So far as I can ascertain, all the Indians in this portion of the country are hostile; in fact, will ever be so, so long as there are no active and vigorous steps taken to put an end to cold-blooded murder, kidnapping, and treachery. These are the sole causes of difficulties with the Indians, especially in this portion of the country and on Eel River.

    Cold-blooded Indian killing being considered honorable, shooting Indians and murdering even squaws and children that have been domesticated for months and years without a moment’s warning, and with as little compunction as they would rid themselves of a dog, and, as I am informed, one man did, beating his own child’s brains out against a tree and killing the squaw, its mother, for no other reason than that he had no means else of disposing of them, and to keep them from falling into other persons’ hands…”

    (continued below…)</i

  9. skippy says:

    Lieut. Charles G. Hubbard’s letter of June 20, 1862, continued:

    ”…Human life is of no value in this valley, and law seems only to be respected so far as it is backed by visible force. It is well known that kidnapping is extensively practiced by a gang who live in the neighboring mountains, but the difficulty is to obtain absolute and positive proof to insure a conviction under the statute of this State… coupled with other barbarities, murder, rape, &c, which no pen can do justice to.

    If the Indians are hostile they will always be so until some stringent measures are taken to protect them, and to wipe out the perpetrators of these most horrible crimes against humanity. With such examples before them going unpunished, what guaranties from the Government can they depend upon?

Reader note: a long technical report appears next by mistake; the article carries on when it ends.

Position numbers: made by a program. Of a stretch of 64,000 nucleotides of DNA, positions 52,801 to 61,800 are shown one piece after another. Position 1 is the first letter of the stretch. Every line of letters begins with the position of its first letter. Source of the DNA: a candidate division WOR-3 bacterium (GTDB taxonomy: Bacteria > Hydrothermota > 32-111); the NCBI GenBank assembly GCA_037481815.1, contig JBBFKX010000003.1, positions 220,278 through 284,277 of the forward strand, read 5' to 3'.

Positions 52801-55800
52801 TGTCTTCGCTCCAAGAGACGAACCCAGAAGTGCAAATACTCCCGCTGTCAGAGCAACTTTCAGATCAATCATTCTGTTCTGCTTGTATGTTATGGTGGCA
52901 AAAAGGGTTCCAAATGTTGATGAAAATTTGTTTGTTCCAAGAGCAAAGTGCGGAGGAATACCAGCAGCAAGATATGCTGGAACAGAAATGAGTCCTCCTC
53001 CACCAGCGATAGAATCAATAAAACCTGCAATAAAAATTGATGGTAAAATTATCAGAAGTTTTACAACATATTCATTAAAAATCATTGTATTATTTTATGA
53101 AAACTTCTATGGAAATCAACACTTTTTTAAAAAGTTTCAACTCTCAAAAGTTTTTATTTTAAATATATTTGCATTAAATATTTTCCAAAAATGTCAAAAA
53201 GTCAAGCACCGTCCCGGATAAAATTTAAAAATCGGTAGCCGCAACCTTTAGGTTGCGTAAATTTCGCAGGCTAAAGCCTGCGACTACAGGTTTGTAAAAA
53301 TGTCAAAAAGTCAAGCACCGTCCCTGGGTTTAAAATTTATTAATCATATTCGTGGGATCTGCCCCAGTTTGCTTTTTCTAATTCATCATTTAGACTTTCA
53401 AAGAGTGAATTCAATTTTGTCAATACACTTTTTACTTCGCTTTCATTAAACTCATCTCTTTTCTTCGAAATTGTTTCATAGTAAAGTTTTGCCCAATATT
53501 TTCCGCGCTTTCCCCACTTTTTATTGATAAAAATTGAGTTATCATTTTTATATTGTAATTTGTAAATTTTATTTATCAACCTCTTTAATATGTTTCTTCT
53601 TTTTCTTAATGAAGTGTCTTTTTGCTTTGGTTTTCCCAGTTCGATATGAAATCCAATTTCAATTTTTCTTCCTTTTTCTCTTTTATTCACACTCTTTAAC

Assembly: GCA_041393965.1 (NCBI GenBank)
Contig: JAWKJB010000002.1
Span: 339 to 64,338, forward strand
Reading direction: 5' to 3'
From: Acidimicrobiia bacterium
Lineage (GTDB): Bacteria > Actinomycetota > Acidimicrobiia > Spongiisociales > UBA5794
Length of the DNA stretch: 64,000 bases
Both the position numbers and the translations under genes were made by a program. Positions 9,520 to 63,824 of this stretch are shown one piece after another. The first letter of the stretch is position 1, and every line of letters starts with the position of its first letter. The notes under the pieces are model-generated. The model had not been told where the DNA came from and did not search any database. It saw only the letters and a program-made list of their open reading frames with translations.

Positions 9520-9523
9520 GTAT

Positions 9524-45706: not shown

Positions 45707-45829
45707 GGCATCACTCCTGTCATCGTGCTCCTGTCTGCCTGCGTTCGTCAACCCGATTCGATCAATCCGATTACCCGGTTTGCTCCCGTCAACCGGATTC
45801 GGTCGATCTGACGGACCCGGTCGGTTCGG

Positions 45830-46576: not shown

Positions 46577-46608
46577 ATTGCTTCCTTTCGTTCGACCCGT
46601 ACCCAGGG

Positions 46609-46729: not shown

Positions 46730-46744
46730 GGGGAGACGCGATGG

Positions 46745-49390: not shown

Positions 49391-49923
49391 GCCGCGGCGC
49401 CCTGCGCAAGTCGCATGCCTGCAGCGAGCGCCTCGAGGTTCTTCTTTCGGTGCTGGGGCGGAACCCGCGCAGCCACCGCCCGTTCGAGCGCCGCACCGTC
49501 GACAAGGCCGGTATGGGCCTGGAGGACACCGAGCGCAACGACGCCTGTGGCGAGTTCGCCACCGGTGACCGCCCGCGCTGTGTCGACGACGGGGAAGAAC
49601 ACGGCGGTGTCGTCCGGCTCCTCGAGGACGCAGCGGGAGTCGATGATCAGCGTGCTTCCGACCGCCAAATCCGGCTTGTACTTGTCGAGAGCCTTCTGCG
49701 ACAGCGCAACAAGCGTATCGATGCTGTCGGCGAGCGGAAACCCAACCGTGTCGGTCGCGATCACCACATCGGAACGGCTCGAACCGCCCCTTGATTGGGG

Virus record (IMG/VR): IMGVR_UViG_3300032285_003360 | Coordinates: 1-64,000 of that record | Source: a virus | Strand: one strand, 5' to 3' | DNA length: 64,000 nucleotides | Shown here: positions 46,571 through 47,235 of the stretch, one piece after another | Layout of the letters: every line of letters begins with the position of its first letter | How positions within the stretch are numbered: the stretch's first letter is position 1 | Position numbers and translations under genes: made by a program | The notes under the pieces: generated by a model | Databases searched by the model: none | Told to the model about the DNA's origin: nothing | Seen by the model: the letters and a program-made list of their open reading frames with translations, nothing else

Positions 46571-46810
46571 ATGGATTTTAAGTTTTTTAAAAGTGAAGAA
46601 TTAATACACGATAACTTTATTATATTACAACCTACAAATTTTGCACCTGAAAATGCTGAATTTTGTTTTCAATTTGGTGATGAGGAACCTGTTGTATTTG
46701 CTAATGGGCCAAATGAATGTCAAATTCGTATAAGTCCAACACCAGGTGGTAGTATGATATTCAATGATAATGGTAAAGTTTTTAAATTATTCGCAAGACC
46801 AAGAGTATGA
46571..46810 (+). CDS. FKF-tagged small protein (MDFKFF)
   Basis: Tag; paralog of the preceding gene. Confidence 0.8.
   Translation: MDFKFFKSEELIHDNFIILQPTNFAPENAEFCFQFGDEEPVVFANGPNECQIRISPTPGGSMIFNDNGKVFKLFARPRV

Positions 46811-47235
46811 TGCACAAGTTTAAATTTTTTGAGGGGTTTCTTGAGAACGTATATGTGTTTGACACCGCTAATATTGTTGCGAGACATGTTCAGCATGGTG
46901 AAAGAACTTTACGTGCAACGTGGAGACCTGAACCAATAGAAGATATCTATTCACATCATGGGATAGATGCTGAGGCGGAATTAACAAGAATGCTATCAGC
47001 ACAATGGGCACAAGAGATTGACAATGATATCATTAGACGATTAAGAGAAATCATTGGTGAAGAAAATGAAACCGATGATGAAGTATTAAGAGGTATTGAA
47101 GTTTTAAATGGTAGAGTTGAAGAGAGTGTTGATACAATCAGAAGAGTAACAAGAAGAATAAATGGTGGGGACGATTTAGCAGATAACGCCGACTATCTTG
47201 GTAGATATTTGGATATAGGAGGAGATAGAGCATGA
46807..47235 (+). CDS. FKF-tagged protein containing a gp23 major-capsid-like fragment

I send to Fort Humboldt seven Indians, among them a young Indian girl, taken by me from one supposed to be an Indian stealer, she being found by him, as he says, wandering in the mountains. She was stolen… from Mr. Langdon when his house was robbed.

    I have also with me a squaw and child, taken from Mr. Pritchard, an old man living near my camp with his wife and two young daughters, he keeping the squaw and being, as he has generally and publicly held out, the father of the child.

    The squaw, however, was taken by me on suspicion of furnishing information, arms, and ammunition to the Indians, she having also been in the mountains under suspicious circumstances for a number of days and against my positive instructions to Mr. Pritchard. Explicit instructions for my guidance in such cases would greatly assist me and settle questions which are becoming rather embarrassing to me.

    As a general thing I am pleased to say the citizens of Upper Mattole have rendered me all the assistance in their power, accompanying me on each scout, acting as faithful and efficient guides…
    The detachment from Company A, Second Infantry California Volunteers, now with me, I cannot but speak of in the highest terms of praise for their promptness, obedience, energy, and endurance…

    This valley and its vicinity has always been the back door to let the Indians out from Eel River when hard pressed from that direction…

    I would call attention to the necessity of prompt and early supply of rations… we are now without a pound of flour, coffee— in fact, everything except rice. I would also call attention to the fact that there are no means of communication with Fort Humboldt, except by the trains arriving here with provisions, or by chance some citizen. One express per week would be a vast accommodation, so that communication could be had with headquarters if necessary.”

    I remain, your most obedient servant,
    CHARLES G. HUBBARD,
    First Lieut., Second Infantry California Vols., Comdg. Detachment.

    Col. FRANCIS J. LIPPITT,
    Commanding Humboldt Military District.

    (Letter sourced from War of the Rebellion: Operations on the Pacific Coast. War Department, Congressional Edition. Government Printing Office, 1897. P 73-75.)

  10. […] thread/topic of Lucy and plan to continue discussing her limited options and the dangers she and her children faced during the settlement period.  The focus of the next (this) post was going to be the risks […]